|Published:||Jul 10, 2012 10:56 PM EDT|
|Updated:||Jul 11, 2012 9:44 AM EDT|
COLLIER COUNTY, Fla - New wording in a Collier County ordinance would change the number of pets you are allowed to have in your home.
The plan is to cut down on irresponsible breeders and also over population problems in Collier County.
This wording change in the ordinance came about after an issue with a breeder in Golden Gate Estates last July. Animals were found in very poor conditions and DAS Advisory Committee members say rewriting the ordinance will prevent that from happening again.
In July of 2011, Domestic Animal Services raided a Golden Gate Estates home and found nearly 50 dogs living in awful conditions.
Dan Martin, DAS Advisory Board Members says, "it came to light DAS made several trips out there and no citations were ever issued."
The animal community, upset over the conditions, got together and asked Collier County leaders to rewrite the current ordinance to make sure the situation found in Golden Gate Estates never happens again.
"Over ten pets and you have to have a permit if this law is passed, so you have to have an annual permit fee. You'll have to have a home inspection and then if there's any complaints at all, that means animal control can pull up to your house," explains Collier County resident Stephen Wright.
Wright says he finds certain aspects of the new ordinance troubling. He says, "if they're doing a good job and taking care of them I don't think it's anyone's business. If people have more than ten kids it doesn't mean they get inspected every year."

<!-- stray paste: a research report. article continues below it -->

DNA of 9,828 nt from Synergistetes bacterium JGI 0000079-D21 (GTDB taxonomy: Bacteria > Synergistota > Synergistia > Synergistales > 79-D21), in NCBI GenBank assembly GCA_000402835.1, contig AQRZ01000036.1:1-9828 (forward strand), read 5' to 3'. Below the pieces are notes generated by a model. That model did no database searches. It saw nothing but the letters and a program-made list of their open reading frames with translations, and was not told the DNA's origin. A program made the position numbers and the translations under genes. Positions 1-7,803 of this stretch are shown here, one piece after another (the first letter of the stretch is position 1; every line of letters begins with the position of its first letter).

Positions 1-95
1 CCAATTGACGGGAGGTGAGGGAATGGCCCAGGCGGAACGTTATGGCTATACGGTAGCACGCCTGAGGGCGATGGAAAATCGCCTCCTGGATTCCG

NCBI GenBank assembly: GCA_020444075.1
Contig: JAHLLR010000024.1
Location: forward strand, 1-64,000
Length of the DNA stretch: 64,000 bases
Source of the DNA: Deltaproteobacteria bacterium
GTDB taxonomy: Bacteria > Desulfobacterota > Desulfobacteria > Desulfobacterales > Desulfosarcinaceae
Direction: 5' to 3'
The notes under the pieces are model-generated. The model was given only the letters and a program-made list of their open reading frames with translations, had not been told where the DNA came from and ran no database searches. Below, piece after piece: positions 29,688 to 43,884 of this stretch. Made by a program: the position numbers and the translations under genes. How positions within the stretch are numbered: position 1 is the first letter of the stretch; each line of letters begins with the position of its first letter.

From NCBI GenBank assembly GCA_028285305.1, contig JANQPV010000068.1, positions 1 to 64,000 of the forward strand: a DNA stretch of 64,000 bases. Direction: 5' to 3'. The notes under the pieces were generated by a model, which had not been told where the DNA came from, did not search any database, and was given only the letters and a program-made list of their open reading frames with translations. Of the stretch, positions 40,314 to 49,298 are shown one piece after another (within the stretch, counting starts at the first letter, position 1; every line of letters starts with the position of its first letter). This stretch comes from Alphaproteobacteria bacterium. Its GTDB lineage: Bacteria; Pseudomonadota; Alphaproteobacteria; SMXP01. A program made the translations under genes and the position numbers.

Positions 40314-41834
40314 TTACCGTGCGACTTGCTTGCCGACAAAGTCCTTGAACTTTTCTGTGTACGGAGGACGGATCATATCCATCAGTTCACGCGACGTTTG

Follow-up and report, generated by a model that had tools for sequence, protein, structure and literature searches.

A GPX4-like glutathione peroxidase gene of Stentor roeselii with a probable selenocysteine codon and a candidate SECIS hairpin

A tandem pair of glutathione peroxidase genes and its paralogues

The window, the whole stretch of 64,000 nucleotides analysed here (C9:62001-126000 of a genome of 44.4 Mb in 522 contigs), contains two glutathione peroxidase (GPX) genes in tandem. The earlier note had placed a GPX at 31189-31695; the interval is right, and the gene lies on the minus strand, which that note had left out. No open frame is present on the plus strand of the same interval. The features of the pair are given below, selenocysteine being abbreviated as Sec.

Amanda Townsend, Director of Collier County DAS says the land development code used to prohibit home owners from having more three or more dogs in a residential area. She says board of county commissioners want to remove that from the land development code, forcing DAS to tweak its own ordinance.
"We're moving forward saying it's okay to have more animals, but we just want to make sure you're providing proper care," says Townsend.
Anyone who has ten or more of the same animal at their home would be required to get an annual permit, but only if DAS is forced to come to your home because of a complaint.
Kennels and hobby breeders will be required to have a license and DAS will enforce that ordinance.
"Animals, to me, come first and one of the reasons I'm interested in the breeders is because the irresponsible breeder really adds to the over population in this country and we do have an over population, a very serious one," says concerned resident Gisela Rowley.
Tuesday night, the DAS Advisory Committee recommended to move this ordinance to the Board of County Commissioners. At this point they have not determined how much the annual permit will cost. That will be decided when the County Commissioners take up the issue at their meeting in September.
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